Tauchmann described his construction of this ``amateur'' telescope during the 1930s. [G.F. Tauchmann, PASP 48, 155 (1936)] This instrument sits atop the new water tank on Huyghens Peak. [G.E. Kron, PASP 72, 505 (1960)] ``It is still in use for non-research visitor/general public observing. It was put in service about 1955.'' [Klemola (1989)] The plans for this telescope are dated 1950, and it is depicted in a painting which has hung in the Lick Diner throughout the 1980s and 1990s.
120-inch Shane reflector
The mirror blank was a leftover from the test casting for the 200-inch Hale Telescope on Palomar Mountain. It was brought to Mt. Hamilton and figured in situ. The telescope became operational in 1959.
Shane Coude Auxiliary Telescope
The CAT consists of a flat ceolostat below the south end of the Shane Coude room. It sends light up into the Shane dome where a series of relay optics, including a 1/5 scale model of the Shane, focus the light onto the Coude slit.
6-inch reflector
This position of this telescope appears in the 1984 Astronomical Almanac, and if not for that it would be unremarkable. It was a portable telescope brought to Mt. Hamilton by David W. Dunham to observe an occultation one night. The occultation summary sheet contains the position of the telescope as read from the USGS 7.5 minute topo for Lick Observatory. This summary sheet was sent to HMNAO, and later forwarded to USNO whence it entered into the almanac.
24-inch Photometric Telescope
This telescope appears to have been built between 1955 and 1961. It was a Boller and Chivens. In early 1995 it was dismantled and replaced by the KAIT.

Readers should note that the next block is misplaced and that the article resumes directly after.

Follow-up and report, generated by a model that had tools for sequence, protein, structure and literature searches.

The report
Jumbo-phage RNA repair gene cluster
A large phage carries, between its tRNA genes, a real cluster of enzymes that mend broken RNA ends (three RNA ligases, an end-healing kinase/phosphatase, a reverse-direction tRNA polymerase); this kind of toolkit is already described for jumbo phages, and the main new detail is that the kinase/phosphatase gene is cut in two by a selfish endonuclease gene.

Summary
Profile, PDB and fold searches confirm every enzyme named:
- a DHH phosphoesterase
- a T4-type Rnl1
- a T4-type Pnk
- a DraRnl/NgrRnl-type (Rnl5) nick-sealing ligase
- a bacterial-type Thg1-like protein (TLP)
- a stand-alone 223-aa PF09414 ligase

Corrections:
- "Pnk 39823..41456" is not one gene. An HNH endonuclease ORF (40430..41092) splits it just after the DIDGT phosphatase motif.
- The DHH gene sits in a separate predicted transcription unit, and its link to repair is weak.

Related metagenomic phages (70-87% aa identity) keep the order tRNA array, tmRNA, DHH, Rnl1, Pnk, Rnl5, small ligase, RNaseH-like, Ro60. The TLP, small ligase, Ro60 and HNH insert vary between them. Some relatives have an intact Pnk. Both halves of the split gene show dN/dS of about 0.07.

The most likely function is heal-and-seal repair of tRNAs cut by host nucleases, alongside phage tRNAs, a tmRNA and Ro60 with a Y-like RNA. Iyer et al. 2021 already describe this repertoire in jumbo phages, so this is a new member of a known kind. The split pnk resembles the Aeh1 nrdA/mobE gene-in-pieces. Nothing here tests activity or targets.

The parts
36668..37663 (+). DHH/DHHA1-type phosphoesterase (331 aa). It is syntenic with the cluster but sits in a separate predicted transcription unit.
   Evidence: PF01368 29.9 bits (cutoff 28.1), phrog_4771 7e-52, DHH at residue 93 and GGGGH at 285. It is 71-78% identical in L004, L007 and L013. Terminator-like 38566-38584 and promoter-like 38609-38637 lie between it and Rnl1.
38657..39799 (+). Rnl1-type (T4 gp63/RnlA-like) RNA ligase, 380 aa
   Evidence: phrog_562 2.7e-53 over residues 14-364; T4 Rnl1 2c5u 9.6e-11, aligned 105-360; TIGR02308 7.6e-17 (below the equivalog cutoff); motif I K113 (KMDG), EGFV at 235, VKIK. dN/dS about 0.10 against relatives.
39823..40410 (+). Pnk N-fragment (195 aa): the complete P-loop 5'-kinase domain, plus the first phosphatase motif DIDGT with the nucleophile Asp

8-inch f/1 Schmidt Camera
During the 1960s this instrument was loaned from Zwicky at Caltech as part of a supernova patrol.
Anna Nickel 40-inch Reflecting Telescope
This telescope was built entirely in the Lick shops in Santa Cruz. In 1979 it replaced the 12 inch refractor in the Small Dome of the Main Building. [J. Osborne, Sky & Telescope 60, 97 (1980)]
12.5-inch equatorial
This is reported to be a donated amateur instrument for which a concrete pad, pier, and wooden clamshell housing were built just southwest of the Shane Dome. Its mounting was used for the CCD Comet Camera.
CCD Comet Camera
This camera was originally in use during the 1985/86 apparition of Comet P/Halley. It consisted of a 135mm Nikon camera lens mounted ahead of a mechanical shutter on the front of a Lick CCD dewar, giving a roughly 6x4-degree field of view (40-arcsec pixels). Filters were mounted in the front of the lens. Its purpose was to search for transient large-scale features in the comet's tail and provide instantaneous +/-10-arcsec astrometry to be used to acquire the features with the Shane telescope for spectroscopy. It was originally mounted on the side of the 40-inch Anna Nickel Telescope, but later moved to an equatorial mounting from a 12.5-inch amateur telescope located on a Concrete Pad SW of the Shane Dome and housed in a wooden clamshell enclosure (which came to be known as the "Outhouse"). CCD readout was accomplished by running coaxial cables into the Shane dome where computers reduced the images and performed astrometric calibrations. The camera project was conceived by George Herbig and Burton Jones, and operated by Richard Pogge. The camera was reassembled in 1996 for the passage of Comet Hyakutake.
This is the Katzman Automated Imaging Telescope. It replaced the 24-inch photometric telescope in early 1995. It is a fully automated telescope which can be controlled via the internet. It will be used for a wide range of visual imaging projects including automated supernova searches.

Steve Allen <sla@ucolick.org>